b. For Pennsylvania subpoenas, service may be rendered by personal delivery of the subpoena to the recipient, or by certified or registered mail, return receipt requested.

2. Check for jurisdictional limitations:

a. Federal civil subpoenas are only valid if served:

i. Within Pennsylvania if it was issued by a federal district court in Pennsylvania, or

ii. Outside of PA but within a 100 miles from the place selected for the individual to produce the documents.

b. For federal criminal subpoenas, there are no jurisdictional restrictions. Unlike the federal civil cases, service may be rendered anywhere within the United States, without geographical limitation.

c. For all Pennsylvania criminal and civil subpoenas , any state court in PA can issue and serve a valid subpoena to any person within the state. However, the rules for depositions differ. Contact Legal Affairs concerning depositions.

3. Does the person named in the subpoena have control of the documents:

a. In all federal cases, if you do not have control of the documents, you should object by notifying the requesting party in writing.

b. In all Pennsylvania cases, for any requests for public records or medical records, if the custodian lacks custody of the requested documents, the custodian must send an affidavit stating lack of custody to the court.

4. Does the subpoena request confidential information:

For all subpoenas , if any confidential records are requested (including student records, medical records, personnel files, etc.) the procedure for responding may be affected by the specific statutes concerning that type of record. You may file a motion to quash the subpoena, or seek a protective order, if the subpoena requests privileged or confidential information. Under the statutes, you may also have to give notice to the student or employee who is the subject of the records. Improperly disclosing confidential information could harm the University’s case if the University is a party, and it could create possible civil liability.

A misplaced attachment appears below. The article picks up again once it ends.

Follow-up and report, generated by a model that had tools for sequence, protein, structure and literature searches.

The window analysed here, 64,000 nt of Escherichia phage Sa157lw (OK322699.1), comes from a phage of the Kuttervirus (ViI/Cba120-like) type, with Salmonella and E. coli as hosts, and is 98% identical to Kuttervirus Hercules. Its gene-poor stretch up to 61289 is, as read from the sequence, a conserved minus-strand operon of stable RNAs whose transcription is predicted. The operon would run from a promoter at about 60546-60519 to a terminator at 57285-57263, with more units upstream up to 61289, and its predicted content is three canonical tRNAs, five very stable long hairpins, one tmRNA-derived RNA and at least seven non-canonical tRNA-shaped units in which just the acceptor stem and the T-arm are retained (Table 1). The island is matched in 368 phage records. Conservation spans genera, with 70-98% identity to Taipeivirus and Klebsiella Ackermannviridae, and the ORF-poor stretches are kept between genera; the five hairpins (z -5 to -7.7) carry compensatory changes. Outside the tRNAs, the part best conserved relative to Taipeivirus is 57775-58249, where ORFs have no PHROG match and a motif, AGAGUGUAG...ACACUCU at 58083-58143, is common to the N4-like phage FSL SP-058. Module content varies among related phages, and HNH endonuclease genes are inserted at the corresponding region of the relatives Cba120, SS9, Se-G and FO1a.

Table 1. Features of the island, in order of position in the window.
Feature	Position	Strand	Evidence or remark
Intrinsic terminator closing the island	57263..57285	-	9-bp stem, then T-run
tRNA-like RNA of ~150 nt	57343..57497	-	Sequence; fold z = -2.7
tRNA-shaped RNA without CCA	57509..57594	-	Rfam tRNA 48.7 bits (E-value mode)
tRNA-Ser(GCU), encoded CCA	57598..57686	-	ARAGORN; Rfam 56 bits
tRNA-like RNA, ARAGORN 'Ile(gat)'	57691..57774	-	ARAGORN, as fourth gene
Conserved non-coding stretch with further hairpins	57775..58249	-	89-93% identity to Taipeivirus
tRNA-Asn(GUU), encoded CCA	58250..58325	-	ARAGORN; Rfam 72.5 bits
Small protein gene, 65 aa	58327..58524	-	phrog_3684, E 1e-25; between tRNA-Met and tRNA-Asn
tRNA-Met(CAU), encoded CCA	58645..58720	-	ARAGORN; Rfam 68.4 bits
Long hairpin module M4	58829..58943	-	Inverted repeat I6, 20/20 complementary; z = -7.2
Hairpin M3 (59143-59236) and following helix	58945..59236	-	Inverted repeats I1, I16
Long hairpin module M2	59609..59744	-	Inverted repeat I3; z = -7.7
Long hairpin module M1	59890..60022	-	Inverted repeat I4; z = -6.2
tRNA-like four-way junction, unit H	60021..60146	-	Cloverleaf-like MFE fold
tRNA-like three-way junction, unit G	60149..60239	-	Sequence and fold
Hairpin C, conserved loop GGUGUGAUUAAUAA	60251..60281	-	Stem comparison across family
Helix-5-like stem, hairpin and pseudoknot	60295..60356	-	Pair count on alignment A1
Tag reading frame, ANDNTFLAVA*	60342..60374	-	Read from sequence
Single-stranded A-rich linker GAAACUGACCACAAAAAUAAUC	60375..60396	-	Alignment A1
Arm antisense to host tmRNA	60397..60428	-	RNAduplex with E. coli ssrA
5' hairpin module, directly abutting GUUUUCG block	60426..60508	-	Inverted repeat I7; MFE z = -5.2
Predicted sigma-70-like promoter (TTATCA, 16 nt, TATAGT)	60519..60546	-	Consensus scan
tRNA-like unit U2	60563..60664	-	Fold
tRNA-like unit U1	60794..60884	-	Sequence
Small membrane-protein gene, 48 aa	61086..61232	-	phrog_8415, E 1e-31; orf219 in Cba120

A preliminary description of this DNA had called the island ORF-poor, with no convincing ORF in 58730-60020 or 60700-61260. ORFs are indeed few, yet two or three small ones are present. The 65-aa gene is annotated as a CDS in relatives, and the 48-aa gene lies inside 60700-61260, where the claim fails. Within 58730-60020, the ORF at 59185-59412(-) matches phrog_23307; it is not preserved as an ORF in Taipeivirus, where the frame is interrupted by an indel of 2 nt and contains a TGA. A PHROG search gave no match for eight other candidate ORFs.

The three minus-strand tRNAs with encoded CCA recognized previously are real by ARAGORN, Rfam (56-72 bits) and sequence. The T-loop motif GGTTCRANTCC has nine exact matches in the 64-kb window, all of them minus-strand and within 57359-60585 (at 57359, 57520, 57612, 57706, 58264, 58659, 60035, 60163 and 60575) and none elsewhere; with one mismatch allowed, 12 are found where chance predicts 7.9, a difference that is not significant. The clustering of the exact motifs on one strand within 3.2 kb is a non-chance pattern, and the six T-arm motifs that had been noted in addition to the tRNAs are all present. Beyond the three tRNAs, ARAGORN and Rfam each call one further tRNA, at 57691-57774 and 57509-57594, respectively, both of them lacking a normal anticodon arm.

5. Is the request otherwise objectionable:

Generally, a subpoena is objectionable if it is “oppressive or unreasonable” Contact Spadea & Associates, LLC at 610-521-0604 to determine if there are other grounds to object.

6. Making objections or motions to quash:

a. For all federal cases , any objections should be made in writing within 14 days after service or before the date requiring production of documents. Objections should be made directly to the party or attorney requesting the subpoena. The attorney may then modify the subpoena or seek a court order for the documents. A motion to quash should be made to the issuing court soon after receiving the subpoena.

b. For all Pennsylvania courts, a person must make an objection to the issuing attorney, or a motion to quash directly to the court, within 20 days of service of the subpoena (or before the time specified in the subpoena to comply if that time is less than 20 days).

7. Requests for Production of Documents and Subpoena’s that are not issued by a Court:

A request for production of documents or subpoena sent by an attorney to other parties and non- party witnesses during the discovery phase of litigation is different from a court issued subpoena. In that case the non party witness should not provide confidential information without a court order until consulting with his attorney. To do so may subject the non- party witness to being sued for disclosing the confidential information without proper permission.

Call Gregory J. Spadea immediately at 610-521-0604 if you get a subpoena.